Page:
Two Brasenose alumni
have just brought out their debut novels in the same month: Grace McLeen's The Land of Decoration has just been
published by Chatto and Windus and Ben Masters's Noughties is out with Hamish Hamilton. Both authors studied
English at Brasenose, and it's really wonderful to see their extraordinary
academic talents translating into acclaimed works of fiction.
Ben Masters's Noughties
is a rambunctious, stylish, exuberantly comic novel which opens in the King's
Arms as Eliot Lamb and his friends celebrate the last night of their three
years as Oxford students. Readers can judge for themselves how accurately Ben
has drawn on his time at Brasenose to create the erudite tutorials and alcohol-fuelled
nights of his hero's time at Holywell College.
The self-admiring tutors could, of course, only be the product of an
untrammelled and fanciful imagination.
Ben went on to complete a Masters in English at Brasenose,
and is currently writing a Ph.D. on style and contemporary fiction at Cambridge
University. With panache and humour, Ben draws on a whole host of influences.
To quote the Financial Times:
‘Ben Masters' lively debut novel Noughties is thick with allusions to popular culture and song. Amid
the paragraphs of pastiche Martin Amis and Oscar Wilde are lyrics by Joe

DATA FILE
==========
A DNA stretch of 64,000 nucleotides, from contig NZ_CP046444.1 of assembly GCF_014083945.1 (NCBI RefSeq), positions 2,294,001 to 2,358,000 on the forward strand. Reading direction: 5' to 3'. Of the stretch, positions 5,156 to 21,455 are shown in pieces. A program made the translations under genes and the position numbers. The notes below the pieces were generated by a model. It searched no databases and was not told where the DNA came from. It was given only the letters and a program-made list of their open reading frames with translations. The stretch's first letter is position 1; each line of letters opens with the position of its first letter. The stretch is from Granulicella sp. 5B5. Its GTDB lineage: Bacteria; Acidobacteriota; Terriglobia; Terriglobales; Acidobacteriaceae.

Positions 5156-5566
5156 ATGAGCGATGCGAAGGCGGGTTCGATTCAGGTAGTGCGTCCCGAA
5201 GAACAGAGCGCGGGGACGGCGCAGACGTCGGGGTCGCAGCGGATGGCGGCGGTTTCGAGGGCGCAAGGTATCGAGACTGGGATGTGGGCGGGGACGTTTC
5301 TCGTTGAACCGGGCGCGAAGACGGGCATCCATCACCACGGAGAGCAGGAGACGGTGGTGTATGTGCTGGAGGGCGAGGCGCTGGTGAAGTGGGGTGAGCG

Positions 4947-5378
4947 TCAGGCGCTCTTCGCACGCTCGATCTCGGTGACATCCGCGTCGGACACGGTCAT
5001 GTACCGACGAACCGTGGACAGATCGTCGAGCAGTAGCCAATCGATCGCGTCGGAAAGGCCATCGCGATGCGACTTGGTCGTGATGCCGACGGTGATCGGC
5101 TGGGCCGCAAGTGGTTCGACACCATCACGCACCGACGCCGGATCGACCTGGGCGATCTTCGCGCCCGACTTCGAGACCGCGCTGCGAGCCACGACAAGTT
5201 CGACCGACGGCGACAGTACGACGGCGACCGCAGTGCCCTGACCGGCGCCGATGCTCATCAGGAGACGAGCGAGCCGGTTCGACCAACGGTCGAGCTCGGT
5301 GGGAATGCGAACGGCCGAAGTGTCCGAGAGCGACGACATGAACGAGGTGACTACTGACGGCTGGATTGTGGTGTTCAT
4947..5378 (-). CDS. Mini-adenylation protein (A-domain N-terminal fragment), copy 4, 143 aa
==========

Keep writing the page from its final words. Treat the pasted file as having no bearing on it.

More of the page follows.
Strummer and Jarvis Cocker. Noughties
is, among other things, a bittersweet hymn to the "ignorant bliss" and
"entitlement" of student days. Masters finds lugubrious, philosophic humour in
his own university past and in human ambition generally.... Masters' influences
are diverse, borrowing from Joyce as well as the scurrilities of Restoration
poet John Wilmot, Earl of Rochester, (on whom Eliot writes an essay) to
contrive a lewd, exaggerated prose. ... Noughties
is a caustic, street-smart novel for our times.'
Grace McLeen's magical and haunting first novel, The Land of Decoration centres on
Judith, brought up in a fundamentalist Christian sect, who comes to believe she
has the power to control events through her miniature model ‘land of
decoration'. It's an acute, remarkable, heart-stopping and often comically
acerbic novel, which is, as the Daily
Mail put it, ‘a small miracle in itself'.
To quote the Independent, ‘Grace
McLeen's writing is deep, fantastical and powerful ... She has been able to
observe a fascinating, self-contained world with generosity, wonder and spirit.
This is a wonderful gem of a debut novel.'